“It is interesting that size and age may be predisposing factors in at least bilateral stringhalt, in so far as older and taller horses tend to become affected in preference to smaller horses, such as ponies and native Chilean breeds,” noted Mayhew. “Although palliative, removing a section of the myotendinous region of the lateral digital extensor muscle relieves the syndrome quite spectacularly in many cases.”
Temporohyoid osteoarthropathy (THO) with proliferative osteopathy (bone disease) involving the temporal bone, temporohyoid joint, and hyoid bone in the head, is reported only in adult horses, said Mayhew. It might be subclinical (undetectable) or can result in difficulty chewing or, more often, neurologic syndromes, notably various combinations of facial and vestibulochoclear (ear) nerve dysfunction. (The horse’s tongue lies on the floor of the mouth and is composed of a mass of muscle anchored by the hyoid bone and the bodies of the left and right mandibles–lower jaw.)
“Some of the cases have bilateral disease as determined by endoscopic and radio imaging studies, although the clinical signs are most often unilateral (on one side),” said Mayhew. “The cause of temporohyoid osteoarthropathy is unclear, although to this author a traumatic origin is most plausible in most cases with chronic otitis (ear) media/interna (inflammation of middle/inner ear structures) accounting for a select few cases.
“Regardless of the etiology of the osteoarthritis, clinical signs can occur from either the osteoarthritis itself or from fractures of the adjacent temporal bone and, rarely, basilar bones, due to partial or complete fusion of the joint,” he said. “Physical examination findings may include difficulty chewing, pain on external palpation of the parotid area, headshaking, and behavioral problems–especially when being ridden.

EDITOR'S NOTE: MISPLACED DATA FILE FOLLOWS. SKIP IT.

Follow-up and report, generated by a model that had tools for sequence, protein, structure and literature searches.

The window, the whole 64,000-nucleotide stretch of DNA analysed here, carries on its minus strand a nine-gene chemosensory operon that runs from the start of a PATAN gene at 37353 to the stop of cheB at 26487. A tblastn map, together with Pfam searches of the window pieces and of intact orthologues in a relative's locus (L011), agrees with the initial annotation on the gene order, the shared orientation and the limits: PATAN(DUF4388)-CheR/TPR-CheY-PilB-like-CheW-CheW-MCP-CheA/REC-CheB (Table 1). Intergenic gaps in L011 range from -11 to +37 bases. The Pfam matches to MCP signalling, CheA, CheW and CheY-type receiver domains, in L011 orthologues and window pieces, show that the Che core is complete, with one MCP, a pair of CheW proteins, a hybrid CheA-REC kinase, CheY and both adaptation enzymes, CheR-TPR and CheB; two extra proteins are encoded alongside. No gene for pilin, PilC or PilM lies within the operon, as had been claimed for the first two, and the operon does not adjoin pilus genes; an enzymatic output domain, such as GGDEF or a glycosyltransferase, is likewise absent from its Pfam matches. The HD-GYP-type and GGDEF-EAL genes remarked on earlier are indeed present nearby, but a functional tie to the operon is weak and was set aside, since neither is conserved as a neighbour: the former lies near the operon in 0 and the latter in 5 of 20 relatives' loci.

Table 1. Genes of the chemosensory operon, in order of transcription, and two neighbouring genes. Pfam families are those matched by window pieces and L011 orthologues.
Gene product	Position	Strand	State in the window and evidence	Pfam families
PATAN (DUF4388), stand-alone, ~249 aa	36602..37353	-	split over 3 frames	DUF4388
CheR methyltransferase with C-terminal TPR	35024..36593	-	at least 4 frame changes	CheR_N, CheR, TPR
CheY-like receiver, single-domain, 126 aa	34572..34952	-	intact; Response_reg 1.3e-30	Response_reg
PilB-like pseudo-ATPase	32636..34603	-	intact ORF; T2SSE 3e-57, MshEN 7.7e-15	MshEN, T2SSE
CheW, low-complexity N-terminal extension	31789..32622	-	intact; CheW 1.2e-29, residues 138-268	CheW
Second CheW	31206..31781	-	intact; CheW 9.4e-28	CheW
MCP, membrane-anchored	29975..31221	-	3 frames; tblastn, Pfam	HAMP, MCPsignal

“Once the joint is partly fused, sudden forced head jerking, falling, teeth floating, nasogastric intubation, and sudden prolonged vocalization can cause periarticular fractures of the petrous temporal bone, resulting in combinations of an abrupt onset of facial and vestibular nerve dysfunction,” he noted. “Endoscopic examination of the guttural pouch is probably superior to plain radiographic imaging in confirming the presence of the disease by revealing enlargement of the proximal stylohyoid bone due to osteoarthritis when compared to the opposite side. “In acute or progressive cases having ill-defined endoscopic and plain radiographic imaging findings, gamma scintigraphy should be considered as a diagnostic aid.”
Mayhew said he was aware of several cases that improved over time, only to show further signs relative to facial and vestibular nerve dysfunction in weeks to months time. “These would seem to be ideal candidates for unilateral surgical disunion of the hyoid apparatus,” he noted. “Initial surgical disunion of the hyoid apparatus was performed by removal of a midshaft portion of the stylohyoid bone. To reduce the temporary difficulties in swallowing encountered and to reduce the possibility of other real and potential complications of this surgery, the technique of ceratohyoidectomy was proposed and used with success.”
He said that except for major cranial fractures and residual eye problems, the outlook for survival with residual neurologic deficits is quite good. “Of 33 cases of temporohyoid osteoarthropathy, 20 cases survived for which there were longer term follow-up details,” he reported. “Of these, 70% returned to previous level of use, although more than 50% of the 20 horses still had evidence of facial nerve deficits and/or vestibular dysfunction.